[FOM] re relevant logic and paraconsistent
lancem at georgetown.edu
Fri Mar 3 12:24:38 EST 2006
on 2 mar 2006 neil tenant wrote:
"Au contraire, Arnon!
If X is a consistent set of axioms, then any classical consequence of X
can be proved from X in classical relevant logic (CR); and
if X is a consistent set of axioms, then any intuitionistic
X can be proved from X in intuitionistic relevant logic (IR).
So, just as Monsieur Jourdain discovered that he had been speaking prose
all along, mathematicians are invited to discover that they had been
reasoning in accordance with the canons of relevant logic all along.
This, of ocurse, is on the assumption that their chosen set of
mathematical axioms is consistent. BUT: if their chosen set of axioms is
*inconsistent*, then that fact too can be proved within CR (resp. IR).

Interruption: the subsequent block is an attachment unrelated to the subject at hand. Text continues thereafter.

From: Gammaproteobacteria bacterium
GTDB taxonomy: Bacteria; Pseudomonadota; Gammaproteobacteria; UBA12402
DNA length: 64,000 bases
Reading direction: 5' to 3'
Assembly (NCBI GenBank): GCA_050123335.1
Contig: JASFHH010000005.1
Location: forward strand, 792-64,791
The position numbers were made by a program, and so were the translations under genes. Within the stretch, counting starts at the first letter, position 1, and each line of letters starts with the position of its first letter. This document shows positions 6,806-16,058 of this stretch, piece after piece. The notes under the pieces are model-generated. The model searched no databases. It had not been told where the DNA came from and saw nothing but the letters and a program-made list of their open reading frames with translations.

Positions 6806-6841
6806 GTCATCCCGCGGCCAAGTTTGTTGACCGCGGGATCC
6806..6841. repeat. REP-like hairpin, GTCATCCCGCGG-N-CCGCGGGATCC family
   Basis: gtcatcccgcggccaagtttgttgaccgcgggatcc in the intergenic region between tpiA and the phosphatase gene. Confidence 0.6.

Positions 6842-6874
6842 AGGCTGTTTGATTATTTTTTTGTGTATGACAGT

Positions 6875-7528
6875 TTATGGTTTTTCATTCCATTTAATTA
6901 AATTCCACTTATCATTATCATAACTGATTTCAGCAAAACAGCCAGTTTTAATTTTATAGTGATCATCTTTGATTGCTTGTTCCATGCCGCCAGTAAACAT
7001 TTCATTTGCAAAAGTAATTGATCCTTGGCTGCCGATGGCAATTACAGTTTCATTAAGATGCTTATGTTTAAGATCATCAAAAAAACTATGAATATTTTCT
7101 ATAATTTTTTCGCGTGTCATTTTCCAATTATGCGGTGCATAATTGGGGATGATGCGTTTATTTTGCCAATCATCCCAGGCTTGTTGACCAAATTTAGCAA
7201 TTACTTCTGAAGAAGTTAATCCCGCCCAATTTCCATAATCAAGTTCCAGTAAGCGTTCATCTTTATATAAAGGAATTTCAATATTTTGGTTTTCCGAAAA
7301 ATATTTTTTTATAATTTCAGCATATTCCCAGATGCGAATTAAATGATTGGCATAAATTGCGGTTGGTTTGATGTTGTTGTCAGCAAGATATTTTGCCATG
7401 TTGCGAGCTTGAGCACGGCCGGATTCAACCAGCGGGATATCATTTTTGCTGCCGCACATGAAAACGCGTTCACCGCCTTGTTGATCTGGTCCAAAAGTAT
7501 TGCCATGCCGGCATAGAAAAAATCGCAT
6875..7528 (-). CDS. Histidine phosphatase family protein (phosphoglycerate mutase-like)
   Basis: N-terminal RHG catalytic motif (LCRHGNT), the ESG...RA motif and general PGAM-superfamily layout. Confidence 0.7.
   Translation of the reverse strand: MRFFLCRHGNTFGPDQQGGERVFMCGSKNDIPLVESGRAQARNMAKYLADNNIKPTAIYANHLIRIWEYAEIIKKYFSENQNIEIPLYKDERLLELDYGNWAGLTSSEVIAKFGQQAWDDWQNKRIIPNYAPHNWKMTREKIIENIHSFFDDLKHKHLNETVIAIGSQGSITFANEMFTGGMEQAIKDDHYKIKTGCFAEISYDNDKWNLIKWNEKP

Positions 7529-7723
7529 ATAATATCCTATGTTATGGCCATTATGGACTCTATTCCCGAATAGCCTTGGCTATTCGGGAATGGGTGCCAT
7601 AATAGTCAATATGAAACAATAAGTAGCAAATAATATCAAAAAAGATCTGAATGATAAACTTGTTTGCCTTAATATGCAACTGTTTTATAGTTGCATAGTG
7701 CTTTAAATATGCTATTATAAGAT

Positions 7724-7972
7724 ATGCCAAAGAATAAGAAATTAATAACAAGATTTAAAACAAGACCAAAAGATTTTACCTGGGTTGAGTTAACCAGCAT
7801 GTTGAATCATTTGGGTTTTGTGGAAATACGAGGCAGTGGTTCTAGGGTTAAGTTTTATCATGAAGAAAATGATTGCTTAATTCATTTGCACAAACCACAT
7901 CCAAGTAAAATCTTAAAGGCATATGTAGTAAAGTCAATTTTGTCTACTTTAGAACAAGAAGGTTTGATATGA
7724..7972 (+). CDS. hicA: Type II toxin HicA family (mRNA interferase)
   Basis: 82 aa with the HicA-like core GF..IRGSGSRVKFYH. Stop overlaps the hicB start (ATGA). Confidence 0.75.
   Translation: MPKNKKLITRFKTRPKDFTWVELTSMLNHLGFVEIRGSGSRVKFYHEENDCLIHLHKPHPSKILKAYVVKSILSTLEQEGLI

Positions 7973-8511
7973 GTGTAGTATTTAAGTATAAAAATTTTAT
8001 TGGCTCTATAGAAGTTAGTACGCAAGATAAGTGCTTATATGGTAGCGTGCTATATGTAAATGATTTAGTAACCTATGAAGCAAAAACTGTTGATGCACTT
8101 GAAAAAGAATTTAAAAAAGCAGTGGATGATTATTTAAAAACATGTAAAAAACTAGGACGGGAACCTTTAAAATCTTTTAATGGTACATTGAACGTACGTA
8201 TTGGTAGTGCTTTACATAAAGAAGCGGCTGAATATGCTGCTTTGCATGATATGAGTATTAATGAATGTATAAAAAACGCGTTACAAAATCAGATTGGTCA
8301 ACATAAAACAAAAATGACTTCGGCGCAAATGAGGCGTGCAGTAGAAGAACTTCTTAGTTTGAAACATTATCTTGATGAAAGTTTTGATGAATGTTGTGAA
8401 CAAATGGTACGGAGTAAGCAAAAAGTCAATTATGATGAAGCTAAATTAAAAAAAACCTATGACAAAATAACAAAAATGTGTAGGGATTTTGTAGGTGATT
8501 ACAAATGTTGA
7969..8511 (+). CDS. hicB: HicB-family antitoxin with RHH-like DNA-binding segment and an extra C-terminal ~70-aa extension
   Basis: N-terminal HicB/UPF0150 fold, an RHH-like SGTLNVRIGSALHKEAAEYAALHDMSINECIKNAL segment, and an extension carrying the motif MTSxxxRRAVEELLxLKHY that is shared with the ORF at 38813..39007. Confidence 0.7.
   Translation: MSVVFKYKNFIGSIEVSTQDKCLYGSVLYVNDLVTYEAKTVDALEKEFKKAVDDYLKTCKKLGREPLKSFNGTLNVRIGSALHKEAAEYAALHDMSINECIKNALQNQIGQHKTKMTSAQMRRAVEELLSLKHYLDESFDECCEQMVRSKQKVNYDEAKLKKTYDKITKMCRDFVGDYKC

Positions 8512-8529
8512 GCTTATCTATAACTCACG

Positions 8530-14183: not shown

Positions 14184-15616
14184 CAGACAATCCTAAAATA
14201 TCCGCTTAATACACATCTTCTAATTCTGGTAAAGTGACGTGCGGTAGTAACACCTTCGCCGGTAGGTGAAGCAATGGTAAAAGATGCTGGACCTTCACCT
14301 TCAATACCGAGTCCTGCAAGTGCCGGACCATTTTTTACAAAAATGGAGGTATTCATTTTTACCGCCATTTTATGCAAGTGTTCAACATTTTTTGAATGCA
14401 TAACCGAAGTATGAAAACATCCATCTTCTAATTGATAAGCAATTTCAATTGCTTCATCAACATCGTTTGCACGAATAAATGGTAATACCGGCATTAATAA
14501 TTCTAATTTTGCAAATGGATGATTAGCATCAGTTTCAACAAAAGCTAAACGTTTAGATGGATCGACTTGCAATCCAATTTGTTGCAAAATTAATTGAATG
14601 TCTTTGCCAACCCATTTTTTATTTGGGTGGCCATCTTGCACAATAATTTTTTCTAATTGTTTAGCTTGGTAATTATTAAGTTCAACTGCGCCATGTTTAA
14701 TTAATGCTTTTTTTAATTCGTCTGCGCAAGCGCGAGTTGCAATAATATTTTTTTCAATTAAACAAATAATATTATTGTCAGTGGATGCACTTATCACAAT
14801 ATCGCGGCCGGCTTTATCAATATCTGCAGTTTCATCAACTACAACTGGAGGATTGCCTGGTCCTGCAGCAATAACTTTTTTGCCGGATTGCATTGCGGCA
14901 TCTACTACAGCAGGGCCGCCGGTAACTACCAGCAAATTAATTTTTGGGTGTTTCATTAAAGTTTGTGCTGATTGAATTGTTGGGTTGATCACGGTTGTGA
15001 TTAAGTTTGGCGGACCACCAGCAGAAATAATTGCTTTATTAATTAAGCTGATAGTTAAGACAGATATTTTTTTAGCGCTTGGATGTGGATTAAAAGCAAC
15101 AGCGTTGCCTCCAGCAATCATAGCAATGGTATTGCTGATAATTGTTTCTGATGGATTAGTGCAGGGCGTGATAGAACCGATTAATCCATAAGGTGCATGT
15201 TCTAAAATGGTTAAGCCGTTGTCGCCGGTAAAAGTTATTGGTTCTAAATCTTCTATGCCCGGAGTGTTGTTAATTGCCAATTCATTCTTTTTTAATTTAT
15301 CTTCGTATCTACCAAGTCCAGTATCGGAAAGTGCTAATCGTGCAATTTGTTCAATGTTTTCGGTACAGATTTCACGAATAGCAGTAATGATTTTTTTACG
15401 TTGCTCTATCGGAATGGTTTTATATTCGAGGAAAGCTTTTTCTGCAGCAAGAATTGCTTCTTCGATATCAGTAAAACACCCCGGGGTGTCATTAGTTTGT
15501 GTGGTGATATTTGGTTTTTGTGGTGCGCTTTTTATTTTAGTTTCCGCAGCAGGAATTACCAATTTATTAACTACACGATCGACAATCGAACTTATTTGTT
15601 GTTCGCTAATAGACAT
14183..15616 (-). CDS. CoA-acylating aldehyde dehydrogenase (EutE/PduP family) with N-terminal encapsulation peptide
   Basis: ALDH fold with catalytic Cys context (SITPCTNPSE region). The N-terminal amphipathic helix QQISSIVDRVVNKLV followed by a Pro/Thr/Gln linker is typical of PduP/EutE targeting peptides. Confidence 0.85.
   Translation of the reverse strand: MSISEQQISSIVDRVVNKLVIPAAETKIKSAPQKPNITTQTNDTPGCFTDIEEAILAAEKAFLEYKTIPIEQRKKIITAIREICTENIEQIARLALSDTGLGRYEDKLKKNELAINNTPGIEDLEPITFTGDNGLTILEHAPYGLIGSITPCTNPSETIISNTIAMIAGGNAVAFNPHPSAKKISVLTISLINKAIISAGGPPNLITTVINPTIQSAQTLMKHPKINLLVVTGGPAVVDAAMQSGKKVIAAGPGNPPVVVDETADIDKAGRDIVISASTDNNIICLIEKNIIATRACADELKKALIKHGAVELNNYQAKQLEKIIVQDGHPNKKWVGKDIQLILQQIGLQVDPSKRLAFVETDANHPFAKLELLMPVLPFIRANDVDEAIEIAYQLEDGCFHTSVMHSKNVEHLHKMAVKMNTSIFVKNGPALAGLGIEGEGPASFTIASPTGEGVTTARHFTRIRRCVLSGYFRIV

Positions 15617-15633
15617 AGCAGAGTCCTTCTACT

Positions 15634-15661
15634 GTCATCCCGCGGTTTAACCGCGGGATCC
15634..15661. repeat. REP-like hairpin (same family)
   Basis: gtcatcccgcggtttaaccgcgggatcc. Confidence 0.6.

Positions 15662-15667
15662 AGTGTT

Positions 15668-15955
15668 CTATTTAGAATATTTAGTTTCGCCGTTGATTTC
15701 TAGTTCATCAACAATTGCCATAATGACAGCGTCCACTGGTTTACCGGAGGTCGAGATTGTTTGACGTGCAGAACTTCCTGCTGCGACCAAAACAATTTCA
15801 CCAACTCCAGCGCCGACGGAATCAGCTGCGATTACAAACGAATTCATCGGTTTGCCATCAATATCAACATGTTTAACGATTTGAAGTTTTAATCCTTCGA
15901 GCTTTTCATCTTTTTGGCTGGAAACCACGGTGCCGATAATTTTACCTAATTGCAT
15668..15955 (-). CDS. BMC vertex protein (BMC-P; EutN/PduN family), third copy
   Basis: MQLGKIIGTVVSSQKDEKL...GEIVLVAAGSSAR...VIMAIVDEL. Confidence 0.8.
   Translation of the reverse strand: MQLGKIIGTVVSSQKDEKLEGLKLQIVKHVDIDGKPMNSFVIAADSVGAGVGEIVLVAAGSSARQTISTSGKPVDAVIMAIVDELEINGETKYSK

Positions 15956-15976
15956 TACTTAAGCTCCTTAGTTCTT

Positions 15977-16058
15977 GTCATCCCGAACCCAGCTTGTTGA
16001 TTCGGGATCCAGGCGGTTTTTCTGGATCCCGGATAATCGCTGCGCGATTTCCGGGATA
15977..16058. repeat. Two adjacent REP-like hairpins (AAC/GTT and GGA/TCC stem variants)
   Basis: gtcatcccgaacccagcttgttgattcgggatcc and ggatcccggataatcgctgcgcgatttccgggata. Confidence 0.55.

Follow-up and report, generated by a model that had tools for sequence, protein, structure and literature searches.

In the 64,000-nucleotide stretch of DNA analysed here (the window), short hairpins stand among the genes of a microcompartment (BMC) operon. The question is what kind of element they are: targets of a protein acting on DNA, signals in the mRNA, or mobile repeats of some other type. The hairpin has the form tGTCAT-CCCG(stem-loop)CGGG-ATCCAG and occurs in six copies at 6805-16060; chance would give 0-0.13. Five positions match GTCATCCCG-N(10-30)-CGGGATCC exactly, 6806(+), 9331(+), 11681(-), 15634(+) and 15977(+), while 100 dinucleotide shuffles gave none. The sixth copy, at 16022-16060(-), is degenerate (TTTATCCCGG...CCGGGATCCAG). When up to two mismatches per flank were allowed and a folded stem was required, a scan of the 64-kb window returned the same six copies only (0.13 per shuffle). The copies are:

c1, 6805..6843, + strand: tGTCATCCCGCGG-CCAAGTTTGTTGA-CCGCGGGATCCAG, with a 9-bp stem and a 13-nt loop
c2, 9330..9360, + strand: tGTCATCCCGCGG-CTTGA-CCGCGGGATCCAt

So: CR (resp. IR) is adequate for all the logical needs of the working
classical (resp. intuitionistic) mathematician.
Mathematics DOES NOT NEED ex falso quodlibet."
Just a small clarification -- which is surely consistent with what
Neil meant. If X is a consistent set, then any classical consequence
of X can be proved in RL. But not "proved from X" depending, at
least on what this means. That is, for any logical truth P, CL let's
us derive P from Q in the strong sense of proving the conditional.
Of course RL doesn't. It avoids irrelevancy as much as it avoids
deriving anything from a contradiction. But this is why mathematical
practice is arguably closer to RL than to CL: No mathematician would
be happy with a proof that had extraneous and random premises. (A
point made in the original discussion of this by Anderson and Belnap.)
As I say, Neil knows this, and the proper interpretation of what he
wrote is clear enough. I only mention it since some in this
discussion are self-avowedly new to the issues.
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